“Use your signature strengths and virtues in the service of something much larger than you are.” ~ Martin Seligman (2002, p. 263)
If fate crashes your work and requires you to rewrite your life plan, can you thrive again? How do you build needed resilience to manage personal disaster and live joyfully? Can you?
Losing the love of our life creates a sense of helplessness. Is it possible to thrive again or does permanent trauma create an impossibility to realize life dreams? This fundamental question was addressed on May 3 in a talk at The University of Pennsylvania about Option B. I had to hear it. It told my own story. Co-authors Sheryl Sandberg and Adam Grant talked openly about how Sheryl is rebuilding her life after her husband dropped dead suddenly in 2016 at age 48.
I know her story all too well. I lived it. A quarter of a century ago, I lost the man I intended to be the only love of my life to melanoma. He was 50. My husband, the father of my young daughter, my business partner, my coauthor, and my best friend were wrenched from my heart in the same moment. With gargantuan effort, I developed resilience and have been able to thrive again. But at first it felt like a cannonball shot through my center, creating a bloody and gaping hole. As I listened to Sheryl tell us of the horror of her loss, I wanted to reach out, to hug her, to tell her that I completely understand. I was there. And I felt deep admiration for her chutzpah in writing her story and starting a family foundation for others needing help building resilience skills.
Drs. Erich and Judith Coche, 1989. Photo courtesy of Dr. Judith Coche
Years ago, Dr. Martin Seligman and I both attended Penn Psychiatry faculty cocktail parties. Drink in hand we would agree that our field needed research on living life positively. Marty provided it by starting the field of positive psychology. I immediately highlighted his work. It became part of all psychotherapy for clients. Little could I know that, in 1992, I would need these trauma recovery skills myself to rebound after the death of my own young husband.
A multi-lingual, European psychology student named Erich Henry Ernst Coche, knocked my socks off when I was nearly 25. He chose Jefferson Medical College, where I worked, as the site of his German merit scholarship. Life would never be boring again: Erich danced a mean jitterbug. He and I sang Bach’s rounds a Capella for pure joy. His charm lit up the rooms he entered. After we married, he whisked me off to Europe, and became my prince charming. For nearly 25 years, we sang, danced, lived, loved, taught, practiced psychology, and parented together. I felt like a living example of Disney’s happily ever after. But occasionally I would have nightmares about Erich dying young. It was unimaginable and terrifying. This could not ever happen. But it did. Melanoma took Erich in 8 months. My world was plundered. Like Sheryl, I needed a crash survival course and I needed it fast. I resolved that Nothing would ruin my beautiful daughter’s life. I clung to my career, a familiar beacon in a very dark sea. And I resolved that somehow I would to learn to date and to build a new family for both of us if I could But how? I am an extroverted introvert: I am outgoing, but careful of whom I fall in love with.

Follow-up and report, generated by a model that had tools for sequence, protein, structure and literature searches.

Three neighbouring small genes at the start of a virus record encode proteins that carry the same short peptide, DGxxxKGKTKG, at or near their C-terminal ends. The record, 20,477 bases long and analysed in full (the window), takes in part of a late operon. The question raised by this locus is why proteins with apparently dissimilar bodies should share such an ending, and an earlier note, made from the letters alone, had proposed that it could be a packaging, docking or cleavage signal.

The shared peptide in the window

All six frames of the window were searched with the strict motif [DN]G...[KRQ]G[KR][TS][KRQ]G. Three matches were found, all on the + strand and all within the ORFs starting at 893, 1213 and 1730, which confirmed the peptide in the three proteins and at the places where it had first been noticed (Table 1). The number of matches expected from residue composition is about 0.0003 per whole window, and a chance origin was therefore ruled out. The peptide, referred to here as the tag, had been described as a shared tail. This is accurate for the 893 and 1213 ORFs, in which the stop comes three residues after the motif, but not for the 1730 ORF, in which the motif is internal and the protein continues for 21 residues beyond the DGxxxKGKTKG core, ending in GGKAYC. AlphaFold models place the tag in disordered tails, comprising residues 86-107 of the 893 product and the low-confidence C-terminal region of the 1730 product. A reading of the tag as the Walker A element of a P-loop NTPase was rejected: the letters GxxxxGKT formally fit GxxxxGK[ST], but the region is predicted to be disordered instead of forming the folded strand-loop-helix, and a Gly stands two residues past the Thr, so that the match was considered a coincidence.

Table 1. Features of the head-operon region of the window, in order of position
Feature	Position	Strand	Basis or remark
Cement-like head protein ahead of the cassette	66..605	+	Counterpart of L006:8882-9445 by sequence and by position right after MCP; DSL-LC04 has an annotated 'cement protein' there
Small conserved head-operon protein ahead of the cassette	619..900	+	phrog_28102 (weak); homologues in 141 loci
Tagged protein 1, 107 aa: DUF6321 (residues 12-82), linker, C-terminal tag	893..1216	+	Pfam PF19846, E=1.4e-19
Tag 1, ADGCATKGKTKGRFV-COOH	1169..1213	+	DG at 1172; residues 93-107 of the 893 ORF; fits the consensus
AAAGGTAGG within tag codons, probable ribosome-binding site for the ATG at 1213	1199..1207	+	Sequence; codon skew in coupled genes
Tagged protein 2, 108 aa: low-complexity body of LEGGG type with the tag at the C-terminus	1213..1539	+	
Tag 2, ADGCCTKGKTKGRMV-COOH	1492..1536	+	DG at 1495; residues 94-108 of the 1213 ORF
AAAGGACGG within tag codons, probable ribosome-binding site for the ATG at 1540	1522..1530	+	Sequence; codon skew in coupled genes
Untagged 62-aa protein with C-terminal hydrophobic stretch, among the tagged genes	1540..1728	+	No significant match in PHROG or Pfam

To develop Option B, Sheryl and I both needed to avoid three barriers to recovering from tragedy. Marty Seligman wrote about the three P’s that keep us from recovery (reference):
To create my own Option B I had to listen to my own wisdom:
As I look back on the struggle that produced my life, I fully embrace the sentiment Adam Grant expressed in a personal email to me after the Penn talk on May 4, 2017, Adam wrote, “Here’s to kicking the hell out of Option B!”
Indeed, nothing feels more important!
Dr. Judith Coche is an Interpersonal Architect who helps clients optimize the space between them so that they can thrive. Founder and Director of The Coche Center, LLC, she has dedicated her career to transforming lives for individuals, couples, and families with children, adolescents and adults.
As a Clinical Supervisor in both group and family psychotherapy she has mentored hundreds of colleagues. Currently Clinical Professor at Perelman Medical School of the University of Pennsylvania, she combines a B.A.. in Sociology, and M.A. in Psychology, and a Ph.D. in Human Development.
She has been awarded Diplomat status in Clinical Psychology from the American Board of Professional Psychology. The author of 3 academic texts, 7 workbooks and a running newspaper column for 9 years, her work has been featured in the New York Times, TedX, and in national media. Her vision since 1978 has been to bring the best of mental health to the public.
Originally published at medium.com